Welcome to Chaya’s blog. I figure now is as good a time as any to start writing about my reflections and experiences of pregnancy. I have been wanting to start a blog for a long time!
I just read a book called Continuum Concept by Jean Liedloff. It knocked my socks off. I had the blessing of reading it on the beach in the Everglades while I was frequented by dolphins in real time and in dream time, communicating, playfully, lovingly. This trip was a time for my partner and I to have some time together away from the world, and vision how we want to parent.
The premise of Continuum Concept is that babies are meant to be “in-arms” after birth. They become an extension of all that we do. And they have the freedom to learn and grow. When they begin to crawl, they do not go in playpens. This is like a baby jail. Just when they learn to crawl, they are restrained.
The author wrote the book from an anthropological standpoint. She spent significant time in Venezuela with the Yequana tribe. They are primal, living with the land, living with their children. They leave knives and machetes within their babies reach and they do not put them in playpens. Compared to “civilized” cultures they have much fewer accidents. And the Yequana children are helping to cook and change infant diapers by the age of 3.
Liedloff noted that babies and children will fulfill our expectations. So if we say enough times, “Do not climb on that chair to wash the dishes, you will fall off and hurt yourself,” eventually this is exactly what will happen, because it is expected. In the culture as it stands now, perhaps we do not want to leave sharp knives accessible, but maybe we teach our children how to use them at a young age. And perhaps we begin to trust in the self-protection mechanisms contained within them. We have a woodstove in our home, which is our main source of heat in the winter. I wish to find a way to feel safe letting my baby crawl unrestrained in the winter in our home, and find a way to communicate with my child how HOT fire is without setting the expectation that she/he might get burned.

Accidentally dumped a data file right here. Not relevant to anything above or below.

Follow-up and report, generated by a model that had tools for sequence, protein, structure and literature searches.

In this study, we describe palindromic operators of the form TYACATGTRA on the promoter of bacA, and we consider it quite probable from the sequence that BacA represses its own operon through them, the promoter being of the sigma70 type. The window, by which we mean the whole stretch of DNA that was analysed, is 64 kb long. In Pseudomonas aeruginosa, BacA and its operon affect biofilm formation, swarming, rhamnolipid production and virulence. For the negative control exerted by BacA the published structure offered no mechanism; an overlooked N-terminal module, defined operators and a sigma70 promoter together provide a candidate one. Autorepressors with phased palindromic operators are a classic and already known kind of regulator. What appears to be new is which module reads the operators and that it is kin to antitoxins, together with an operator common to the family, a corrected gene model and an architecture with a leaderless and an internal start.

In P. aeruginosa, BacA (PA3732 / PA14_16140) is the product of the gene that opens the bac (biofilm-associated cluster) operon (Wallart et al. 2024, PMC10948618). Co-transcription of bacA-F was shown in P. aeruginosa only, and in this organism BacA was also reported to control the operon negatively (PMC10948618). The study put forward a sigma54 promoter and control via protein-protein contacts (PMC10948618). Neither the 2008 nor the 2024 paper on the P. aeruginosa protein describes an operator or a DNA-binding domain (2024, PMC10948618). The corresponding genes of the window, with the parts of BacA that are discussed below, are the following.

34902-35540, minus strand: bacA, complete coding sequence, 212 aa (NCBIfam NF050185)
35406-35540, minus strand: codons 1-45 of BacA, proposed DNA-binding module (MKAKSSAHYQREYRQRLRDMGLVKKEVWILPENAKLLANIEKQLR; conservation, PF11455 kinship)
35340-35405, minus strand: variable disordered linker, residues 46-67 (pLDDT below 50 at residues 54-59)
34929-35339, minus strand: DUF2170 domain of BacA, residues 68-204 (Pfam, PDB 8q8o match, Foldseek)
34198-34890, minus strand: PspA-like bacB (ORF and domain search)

The author makes profound connections regarding how it affects us as adults to have missed out on having that concentrated in-arms time. Many will say the child will end up spoiled if you hold them all the time, and they need to “cry it out” sometimes. To me, that sounds like a terrible hell realm. We begin contained in the womb, with all of that closeness and connection, and all of our needs are entirely accounted for in the womb. It just does not make sense to be left to cry until your throat hurts so much or you are too exhausted to cry any longer, without having the comfort of connection. I see how that relates to many adults around me, including myself. Let’s start doing it differently. Let give our children all of the love they need, so they can be the love and the light in this world.